Desperation is a tender trap

The Indians, staying true to company form, are mum on whether or not Cliff Lee is on the block. But if what Jays GM J.P. Ricciardi said today is true, and Roy Halladay is, indeed, “unlikely” to be traded, that would only serve to make Lee all the more valuable to contending clubs.

Several of those clubs, including the Phillies and Dodgers, had scouts at tonight’s game at the Rogers Centre to watch Lee, and they saw the reigning AL Cy Young winner turn in a complete-game gem against the Blue Jays. Lee improved to 6-9 with a 3.17 ERA in a season in which his record is no indication of how well he’s pitched.

The contenders know this, and the Indians have to know their odds of keeping Lee beyond his 2010 option year, in which he’d make $9 million, are slim to none. Trading Lee in advance of that option year, with no top-of-the-rotation starters in the system or on the horizon, would surely be a major blow to any hopes of the Tribe contending next season. But trading Lee with a little less than a year and a half left on his contract would allow the Indians to pull in maximum value for the left-hander.

Teams get desperate for starting help this time of year, and it’s not every day that a club can land a bona fide No. 1 of Lee’s ilk. If Halladay is pulled from the block, as Ricciardi hints, then the desperation to land Lee only rises — and with it rises the temptation for the Tribe to pull the trigger on a trade.

13 Comments

I can’t foresee a situation in which trading Cliff Lee is a good idea. We’d be pulling the plug on this era of the Indians.

Should be an interesting next week and a half or so. I really didn’t expect Lee or Victor to get moved, but maybe a team will make an offer to good to refuse. I just hope it can work out half as good as the trade that got us Lee in the first place.

Yeah, I can’t imagine any package of players that would be worth dealing Lee or Martinez. Sure, I know their value will drop if we wait until the trade line next year to deal them, but, as was clear with C.C. last year, there will always be interest, particularly for teams desperate to make the post-season.
The difference between a package now and a package a year from now would have to compensate for writing off an entire season…again. And that’s a lot to ask for.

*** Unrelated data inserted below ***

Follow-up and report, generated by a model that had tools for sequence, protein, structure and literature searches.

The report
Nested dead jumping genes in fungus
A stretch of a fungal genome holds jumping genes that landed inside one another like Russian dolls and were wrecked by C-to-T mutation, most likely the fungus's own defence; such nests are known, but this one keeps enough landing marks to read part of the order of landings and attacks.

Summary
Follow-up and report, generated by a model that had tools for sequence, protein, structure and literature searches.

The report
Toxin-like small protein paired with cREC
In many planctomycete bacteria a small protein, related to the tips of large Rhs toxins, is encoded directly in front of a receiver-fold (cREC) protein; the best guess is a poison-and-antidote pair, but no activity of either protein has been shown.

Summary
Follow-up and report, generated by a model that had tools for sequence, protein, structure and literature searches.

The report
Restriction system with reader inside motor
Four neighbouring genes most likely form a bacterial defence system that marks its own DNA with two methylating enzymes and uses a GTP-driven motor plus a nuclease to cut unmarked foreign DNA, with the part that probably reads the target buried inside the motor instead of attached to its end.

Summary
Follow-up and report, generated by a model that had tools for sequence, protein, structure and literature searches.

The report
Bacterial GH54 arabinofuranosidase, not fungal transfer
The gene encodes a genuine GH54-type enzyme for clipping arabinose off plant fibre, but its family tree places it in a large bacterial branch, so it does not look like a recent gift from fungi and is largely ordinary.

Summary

Besides, what do any of us Tribe fans have besides our hopes for next year?

while I would be severely reluctant to trade Cliff Lee, there has to be a certain amount of reality of desperation that exists among top contenders that will lose out on Halladay.

So lets be honest. If the L.A. Dodgers offered a package revolving around Clayton Kershaw for Lee and Betancourt I would seriously consider it to the point where I accepted it without hesitation. What about the Phillies offering a package around J.A. Happ for Lee? Now, I am not suggesting that those teams WOULD make those offers for Lee or Halladay. But I am trying to demonstrate the reality of the situation. Like how the NYM dealt Scott Kazmir to the Rays for Victor Zambrano.

Let me pose the question this way: accepting the financial constraints of a small-to-mid market franchise, would you deal Cliff Lee for the certainty of acquiring a future Cy Young Award winner, and two positional All Stars (a recreation of the Bartolo Colon trade)? My answer is YES. It makes the near future quite dim, but provides our franchise with a legitimate window to win long term.

The thing I don’t get is, why would a team like the Dodgers or Phillies trade a major league starting pitcher, for a major league starting pitcher. Is Cliff Lee better than those guys? Probably, but is it worth giving up years of having them around for a year and a couple months of Lee?

Now, with like Boston, and Clay Buchholz, I get, because he has been in the minors a lot this year, but Kershaw and Happ are in their rotations right now. So I am just not sure I would be willing to sell the future to take one or two years of a shot at winning the World Series. Of course, a team like the Dodgers could probably sign Lee to an extension, so that might make it easier for them to stomach, and I really think Lee is showing this year that last year was no fluke, and he should be a top-notch pitcher for at least a few more years to come.

christopherw, you present a good argument, one that many top executives think about no doubt. But it takes quality to get quality. The financial decisions and consequences are one that typically rule these transactions. Is a reasonably priced Cliff Lee for 2009 and 2010 (and perhaps a possible extension beyond) worth the upside and pre-arbitration control of a guy like Kershaw for very reasonable money? The same thing applies to a guy like Happ.